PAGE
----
THERE was a time. and it was not so very long ago. when to be interested in the Liturgy was to he considered just a little "odd". And the kind of thing that the word "Liturgy" implied did somehow or other appeal to a certain strange type, who thought it great fun to wear very full surplices, to sing the divine offices of the Church note by note — unaccompanied, no matter how bad they were. by any musical instrument—and to stamp down hard on the simpler Catholic who liked a homelier, more spontaneous approach to Almighty God, and did not object to an English hymn now and then.
So it has come about that the real Liturgical Movement has had to push an awful lot of misconception out of the way. Because, you see, this genuine Liturgy of the Church is something very practical, very sensible. It appeals to our best instinct. If we take the trouble to examine it properly, it fulfils all that innate desire we have to give expression to our realisation that we belong to God.
There has never been a period in history when the Church's ceremonies were arbitrarily chosen and meaningless. One half of the purpose of ceremonial worship is to express by word. and perhaps even more by action, the Church's attitude of mind. And the other half is to communicate that attitude of mind to those who take part in it.
This is particularly true of the prayers and adtions of the Mass, and of the administration of the Sacraments.
The meaning has always been there for those who cared to look for it. Very many thoughtful men and women did indeed seek and find the treasures that the Liturgical books held for them. But they were hidden treasures. And ordinary folk with little time to study and no knowledge of Latin were losing a great deal of what was originally intended precisely for them.
Some priests, with a taste for such things, and perhaps also with greater realisation than others had of their pastoral value, succeeded in forming their congregations into very genuine liturgically minded people in the best sense of the words. But so many of the clergy did not share that taste and had not that realisation. Their time was better spent, they said, visiting the homes of the people, getting the children to school, and the parents to Mass.
The trouble has been, let us face it, that when the children have come to school we have not always known how to start teaching them their religion, and when the parents have been drawn into the Church they have had little to help them to understand 'what is happening there.
That must now be a thing of the past. The visiting, as a pastoral effort. must be continued. It is essential. I would say. But it must be supplemented by the use of the Church's own instruction and system of visual aid which is the Liturgy.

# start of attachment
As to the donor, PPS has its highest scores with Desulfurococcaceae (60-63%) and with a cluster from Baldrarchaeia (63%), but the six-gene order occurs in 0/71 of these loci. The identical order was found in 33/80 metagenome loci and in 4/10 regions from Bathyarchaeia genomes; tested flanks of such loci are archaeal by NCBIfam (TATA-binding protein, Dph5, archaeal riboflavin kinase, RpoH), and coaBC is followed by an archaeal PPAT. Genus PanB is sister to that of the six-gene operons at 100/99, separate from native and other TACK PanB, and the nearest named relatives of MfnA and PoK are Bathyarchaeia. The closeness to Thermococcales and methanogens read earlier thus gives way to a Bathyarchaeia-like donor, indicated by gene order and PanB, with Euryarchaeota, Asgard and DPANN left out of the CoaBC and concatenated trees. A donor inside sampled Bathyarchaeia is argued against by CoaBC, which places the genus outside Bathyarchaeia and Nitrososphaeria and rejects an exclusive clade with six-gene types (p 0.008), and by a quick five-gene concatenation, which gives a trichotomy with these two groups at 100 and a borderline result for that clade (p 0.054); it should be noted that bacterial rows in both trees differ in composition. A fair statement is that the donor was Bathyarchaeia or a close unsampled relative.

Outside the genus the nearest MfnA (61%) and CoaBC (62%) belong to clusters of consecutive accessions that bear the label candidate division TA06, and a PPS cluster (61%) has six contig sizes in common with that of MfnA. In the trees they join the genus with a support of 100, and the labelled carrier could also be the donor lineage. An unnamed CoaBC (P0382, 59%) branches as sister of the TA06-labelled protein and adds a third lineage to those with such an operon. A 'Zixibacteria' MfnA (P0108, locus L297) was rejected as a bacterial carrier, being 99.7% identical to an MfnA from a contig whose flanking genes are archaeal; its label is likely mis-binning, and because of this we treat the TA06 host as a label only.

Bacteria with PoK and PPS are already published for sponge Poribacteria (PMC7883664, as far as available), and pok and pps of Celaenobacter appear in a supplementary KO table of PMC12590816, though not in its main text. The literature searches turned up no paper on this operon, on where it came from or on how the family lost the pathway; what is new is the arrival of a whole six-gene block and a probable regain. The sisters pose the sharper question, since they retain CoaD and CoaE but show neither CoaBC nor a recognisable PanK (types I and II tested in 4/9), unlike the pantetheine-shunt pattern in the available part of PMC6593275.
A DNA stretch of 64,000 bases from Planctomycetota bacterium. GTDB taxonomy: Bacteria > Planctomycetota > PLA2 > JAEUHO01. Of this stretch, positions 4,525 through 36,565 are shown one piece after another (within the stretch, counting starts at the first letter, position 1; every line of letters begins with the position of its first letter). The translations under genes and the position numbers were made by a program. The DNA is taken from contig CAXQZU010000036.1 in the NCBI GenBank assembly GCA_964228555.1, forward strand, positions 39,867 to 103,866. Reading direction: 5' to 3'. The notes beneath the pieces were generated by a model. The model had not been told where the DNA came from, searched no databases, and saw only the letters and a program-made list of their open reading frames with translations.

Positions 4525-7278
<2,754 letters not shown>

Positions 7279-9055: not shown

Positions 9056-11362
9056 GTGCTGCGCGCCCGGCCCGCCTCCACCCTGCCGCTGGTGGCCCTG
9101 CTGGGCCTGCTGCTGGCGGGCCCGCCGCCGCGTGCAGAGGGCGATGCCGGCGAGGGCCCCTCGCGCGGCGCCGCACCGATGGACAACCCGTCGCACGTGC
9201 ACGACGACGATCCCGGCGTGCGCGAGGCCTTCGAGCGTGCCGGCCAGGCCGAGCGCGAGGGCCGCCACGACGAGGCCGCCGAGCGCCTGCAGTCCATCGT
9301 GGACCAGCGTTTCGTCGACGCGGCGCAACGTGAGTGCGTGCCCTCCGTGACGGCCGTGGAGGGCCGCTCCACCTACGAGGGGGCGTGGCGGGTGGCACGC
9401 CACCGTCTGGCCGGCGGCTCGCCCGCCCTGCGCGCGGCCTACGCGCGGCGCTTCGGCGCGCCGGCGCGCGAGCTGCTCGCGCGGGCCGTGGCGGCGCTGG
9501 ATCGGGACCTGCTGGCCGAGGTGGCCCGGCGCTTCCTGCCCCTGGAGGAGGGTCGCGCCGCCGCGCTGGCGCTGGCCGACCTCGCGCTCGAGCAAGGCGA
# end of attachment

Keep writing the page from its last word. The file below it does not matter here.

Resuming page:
We who are responsible for the people in God's eyes have to study the means the Church has given us. And we have to use them to bring the knowledge of himself and his dealings with them to those he has placed in our charge.
The Liturgical revival must be presented as a practical, down to earth movement. It must neither be allowed to get into the exclusive hands of fanatics nor to be pushed aside as a passing fad by those who have not understood its meaning.
Inevitably changes are not to everyone's liking. But some change there must be if the Church is to meet the challenge of the age we live in. Time was, and not so long ago, when it was thought quite enough for the ordinary faithful to know that the priest at Mass renews the Sacrifice of Calvary, that Christ is present really and truly after the Consecration.
Let them think over these mighty facts. Let them follow the Latin of the Mass with a popular translation if they wished or the action of the Mass with such devotional aids as the "Garden of the Soul" or the "Key of Heaven"; or occupy themselves with a meditation on the Life and Death of our Lord, using their Rosary beads perhaps to help them.
Let no one dismiss all this as unenlightened or unworthy. Many a soul is in heaven through doing precisely these things regularly and well.
But the Church in present circumstances does want some thing more. She wants her children to take an active part in what is going on: to understand more of what is being said. And even those who, left to themselves, would prefer the old ways, must try to make an effort to follow the new ones.
Particularly. I suppose. there is a very big difference of opinion about the use of English, in the Mass especially. Latin is relatively a universal language. It unites us with the past. It links us with the other countries of the Latin Church. Somehow we are used to it. We like the sound of it.
All that is true; but again it is not just a group of faddists, not a number of misguided enthusiasts imagining that all will be well once the people can follow the words and know what it is all about. It is the considered judgment of the vast majority of the Bishops of the whole church that it will be a good thing for the laity to hear some of the liturgy in their own language.
And even if we don't like it too much, loyalty demands that we should accept the decision and do our best to make it succeed.
As to how it is to be done: the general principles were laid down in the Council; but it has been left to the groups of national bishops to apply them, each group to their own country according to circumstances and needs.
There will be different degrees of application in different regions. That is inevitable. I would say it is in every way desirable at this stage; since it furnishes opportunity for comparison. It also makes experiment possible.
We have to remember that we are in a transitional period. It would be a grave mistake to imagine that there is no room